In what can be called as a breakthrough in the field of nanotechnology, researchers have been successful in engineering nanoscale biomaterials, using heparin//, an anticoagulant. These blood compatible could
revolutionize medical treatments, including dialysis, a routine form of treatment for renal failure patients.
Furthermore, these medical devices could have numerous diagnostic and therapeutic applications that are
not foreseen at the moment.
The researchers prepared several materials with heparin composites or coatings, including carbon
nanotubes, nanofibers, and membranes with nanosized pores, and then demonstrated the materials' high
compatibility with blood. Heparin is a common therapeutic used to maintain blood flow or prevent clotting
during medical procedures and treatments.
The researchers demonstrated the composite heparin membrane with nanopores could work as an artificial
kidney, or dialyzer, by filtering the blood and maintaining its flow. The presence of this blood-compatible
dialyzer could potentially eliminate the need for systemic administration of heparin to the patient during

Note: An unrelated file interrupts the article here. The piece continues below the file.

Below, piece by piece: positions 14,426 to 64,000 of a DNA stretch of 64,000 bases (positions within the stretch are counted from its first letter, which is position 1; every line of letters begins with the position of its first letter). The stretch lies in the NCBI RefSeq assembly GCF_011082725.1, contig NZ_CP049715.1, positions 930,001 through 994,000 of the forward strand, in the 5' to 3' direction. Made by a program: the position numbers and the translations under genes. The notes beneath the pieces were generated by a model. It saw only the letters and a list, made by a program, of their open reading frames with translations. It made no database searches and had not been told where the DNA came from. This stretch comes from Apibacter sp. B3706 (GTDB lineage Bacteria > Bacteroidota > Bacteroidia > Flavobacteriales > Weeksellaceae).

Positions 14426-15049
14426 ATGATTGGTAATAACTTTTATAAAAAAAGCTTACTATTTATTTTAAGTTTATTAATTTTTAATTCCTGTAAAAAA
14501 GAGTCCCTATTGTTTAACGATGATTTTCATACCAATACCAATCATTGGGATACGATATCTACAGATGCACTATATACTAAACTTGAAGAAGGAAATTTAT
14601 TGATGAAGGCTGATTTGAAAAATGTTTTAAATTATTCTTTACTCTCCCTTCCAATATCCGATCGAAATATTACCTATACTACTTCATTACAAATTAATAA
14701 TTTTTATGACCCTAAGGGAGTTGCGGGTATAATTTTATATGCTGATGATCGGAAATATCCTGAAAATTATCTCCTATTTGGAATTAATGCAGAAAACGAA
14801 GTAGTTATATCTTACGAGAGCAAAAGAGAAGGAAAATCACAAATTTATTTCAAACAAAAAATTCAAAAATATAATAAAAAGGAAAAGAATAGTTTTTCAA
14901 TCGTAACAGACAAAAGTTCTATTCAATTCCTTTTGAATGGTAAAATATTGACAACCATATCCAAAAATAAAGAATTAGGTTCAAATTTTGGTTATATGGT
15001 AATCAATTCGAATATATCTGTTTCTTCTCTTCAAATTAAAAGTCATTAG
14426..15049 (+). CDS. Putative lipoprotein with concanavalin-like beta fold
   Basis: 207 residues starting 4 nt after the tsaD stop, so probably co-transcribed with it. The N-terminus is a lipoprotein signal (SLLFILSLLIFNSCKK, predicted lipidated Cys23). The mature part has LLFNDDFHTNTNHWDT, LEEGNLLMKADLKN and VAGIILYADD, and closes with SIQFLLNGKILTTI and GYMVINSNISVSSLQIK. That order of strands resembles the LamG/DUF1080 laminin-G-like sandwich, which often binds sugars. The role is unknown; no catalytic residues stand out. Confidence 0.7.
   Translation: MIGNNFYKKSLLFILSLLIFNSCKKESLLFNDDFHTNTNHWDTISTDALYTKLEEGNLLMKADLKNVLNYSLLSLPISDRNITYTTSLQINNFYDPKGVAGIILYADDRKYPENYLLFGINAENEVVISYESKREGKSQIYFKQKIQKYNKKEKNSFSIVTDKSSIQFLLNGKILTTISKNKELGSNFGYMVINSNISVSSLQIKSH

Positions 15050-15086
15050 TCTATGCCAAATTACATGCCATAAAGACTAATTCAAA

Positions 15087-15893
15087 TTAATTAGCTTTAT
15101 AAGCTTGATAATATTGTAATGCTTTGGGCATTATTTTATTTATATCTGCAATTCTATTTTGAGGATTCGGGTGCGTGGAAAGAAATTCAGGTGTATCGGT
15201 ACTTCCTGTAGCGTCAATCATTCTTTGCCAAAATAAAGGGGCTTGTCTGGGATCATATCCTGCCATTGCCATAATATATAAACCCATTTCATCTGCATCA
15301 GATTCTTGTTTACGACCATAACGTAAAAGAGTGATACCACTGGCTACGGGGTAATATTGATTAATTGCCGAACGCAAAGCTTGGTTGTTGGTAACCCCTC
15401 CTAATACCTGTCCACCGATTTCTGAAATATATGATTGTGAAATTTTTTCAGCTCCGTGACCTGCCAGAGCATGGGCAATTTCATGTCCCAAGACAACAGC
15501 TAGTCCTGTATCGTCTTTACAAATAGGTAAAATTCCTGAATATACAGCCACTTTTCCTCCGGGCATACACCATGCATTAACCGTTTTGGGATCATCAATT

kidney dialysis, the researchers say.
The heparin-coated membranes are described in a paper titled ‘Ionic Liquid-Derived Blood Compatible
Membranes for Kidney Dialysis,’ published online Apr. 24 in advance of print in the Journal of Biomedical
‘These heparin composite membranes and fibers and coated carbon nanotubes are an enabling technology,’
says Saravanababu Murugesan, a recent doctoral graduate in chemical and biological engineering at
Rensselaer and lead author of the paper. ‘Our results show these novel materials have great promise in the
development of improved medical devices that are blood compatible.’
The research team is led by Robert Linhardt, the Ann and John H. Broadbent Jr. '59 Senior Constellation
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